Many living spaces do not have ample room to plant vegetable gardens. One option is container gardening. Nutritious and fresh vegetables can be grown in containers on a balcony, patio or windowsill.
Containers are ideal for almost any vegetable that would thrive in a backyard garden. Vegetables that are specifically suited for containers are peppers, green onions, tomatoes, beans, radishes squash, parsley, cucumber, eggplant and beans. Carrots also grow well in containers if the container is deep enough (eight inches).
Ideal Soil For Container Gardening
Container-grown vegetables do best in soil made of woodchips, sawdust, perlite, vermiculite or a variety of other materials. The four most important criteria regardless of the soil mixture are that it 1) be free of weed seeds and disease, 2) can retain nutrients and moisture, 3) can drain well and 4) is lightweight. Many products contain nutrients in the soil so fertilizing is unnecessary.
You can use just about any container to plant your vegetables including bushel baskets, wooden boxes or containers specifically designed for container gardening. Green onions, parsley and herbs thrive in pots from six to 10 inches in size. Peppers, tomatoes and eggplant are best suited in larger containers.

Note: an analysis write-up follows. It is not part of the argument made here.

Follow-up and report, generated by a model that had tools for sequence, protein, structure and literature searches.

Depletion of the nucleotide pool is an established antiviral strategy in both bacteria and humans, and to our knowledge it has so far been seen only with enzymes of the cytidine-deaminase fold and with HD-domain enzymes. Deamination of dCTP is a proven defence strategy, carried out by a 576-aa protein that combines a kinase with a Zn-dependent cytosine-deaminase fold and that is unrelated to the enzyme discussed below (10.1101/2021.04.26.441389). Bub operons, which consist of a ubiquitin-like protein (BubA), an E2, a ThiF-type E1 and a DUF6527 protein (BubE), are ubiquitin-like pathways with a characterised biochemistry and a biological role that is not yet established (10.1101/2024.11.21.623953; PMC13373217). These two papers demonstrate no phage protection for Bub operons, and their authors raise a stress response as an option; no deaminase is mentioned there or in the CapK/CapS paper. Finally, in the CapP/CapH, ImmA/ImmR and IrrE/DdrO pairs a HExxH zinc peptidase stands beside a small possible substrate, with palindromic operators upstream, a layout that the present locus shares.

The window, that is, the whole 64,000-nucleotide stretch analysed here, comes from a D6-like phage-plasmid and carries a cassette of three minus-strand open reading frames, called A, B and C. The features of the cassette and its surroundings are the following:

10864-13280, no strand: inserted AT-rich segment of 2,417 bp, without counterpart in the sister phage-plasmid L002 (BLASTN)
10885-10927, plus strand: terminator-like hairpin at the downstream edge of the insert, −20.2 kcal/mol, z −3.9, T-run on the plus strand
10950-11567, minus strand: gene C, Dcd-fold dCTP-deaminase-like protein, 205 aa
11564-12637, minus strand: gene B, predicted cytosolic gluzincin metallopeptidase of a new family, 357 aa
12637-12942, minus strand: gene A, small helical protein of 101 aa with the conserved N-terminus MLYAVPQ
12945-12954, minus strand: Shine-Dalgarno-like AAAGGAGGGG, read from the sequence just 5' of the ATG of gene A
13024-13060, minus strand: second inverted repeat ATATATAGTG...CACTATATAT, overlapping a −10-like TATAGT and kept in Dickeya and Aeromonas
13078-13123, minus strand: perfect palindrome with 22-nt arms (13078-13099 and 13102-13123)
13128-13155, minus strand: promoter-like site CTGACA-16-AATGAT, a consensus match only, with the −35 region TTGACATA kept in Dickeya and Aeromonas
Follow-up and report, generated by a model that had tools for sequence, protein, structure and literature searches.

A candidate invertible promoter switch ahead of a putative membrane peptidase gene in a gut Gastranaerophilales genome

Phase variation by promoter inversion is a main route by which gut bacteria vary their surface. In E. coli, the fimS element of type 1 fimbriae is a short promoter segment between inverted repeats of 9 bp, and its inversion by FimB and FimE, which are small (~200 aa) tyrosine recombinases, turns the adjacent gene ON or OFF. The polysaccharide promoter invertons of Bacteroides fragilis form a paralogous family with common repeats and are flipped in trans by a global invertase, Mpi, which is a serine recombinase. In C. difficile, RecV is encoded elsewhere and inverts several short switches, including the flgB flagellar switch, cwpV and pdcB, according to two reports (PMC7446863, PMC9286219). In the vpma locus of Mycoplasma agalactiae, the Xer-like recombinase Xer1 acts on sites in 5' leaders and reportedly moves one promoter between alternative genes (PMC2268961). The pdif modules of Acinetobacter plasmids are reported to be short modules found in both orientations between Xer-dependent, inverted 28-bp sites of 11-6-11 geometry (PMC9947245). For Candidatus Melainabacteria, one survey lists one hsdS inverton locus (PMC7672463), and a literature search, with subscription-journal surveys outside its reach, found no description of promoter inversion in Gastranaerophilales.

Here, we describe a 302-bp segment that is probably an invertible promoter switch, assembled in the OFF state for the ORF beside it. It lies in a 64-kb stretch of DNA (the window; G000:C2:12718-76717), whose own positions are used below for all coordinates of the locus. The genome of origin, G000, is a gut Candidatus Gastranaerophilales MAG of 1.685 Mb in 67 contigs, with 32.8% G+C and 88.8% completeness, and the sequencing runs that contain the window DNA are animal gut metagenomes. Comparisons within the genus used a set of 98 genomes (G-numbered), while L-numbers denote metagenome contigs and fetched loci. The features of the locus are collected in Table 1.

Adequate drainage is very important for container growing. Place about one inch of gravel in the bottom of the container before adding soil. This will help improve drainage. If your container doesn't have drain holes, drill them yourself-- about 1/4 to 1/2 inch on the bottom.
Seeding and Transplanting
You can purchase transplants from your local garden center or nursery to place in your container, but you can also grow the plants from seed at home. Use a baking pan to germinate your own seeds. Fill the pan with soil and plant the seeds to a depth of 1/4 to 1/2 inch.
Place the baking pan in an area that receives adequate warmth and sunlight about four to eight weeks before planting them in the final container. The general rule is to transplant the seeds once they show their first two or three real leaves. Be careful when transplanting so you don't injure the root system.
Full sunlight is ideal for almost all vegetables. However, some plants can do well in partial shade: lettuce, greens, cabbage and spinach. Root vegetables actually prefer more shade than those that bear fruit. An advantage to container growing is that you can move the containers as needed.
Labels: Agromin, compost, container gardening, vegetable garden, vegetables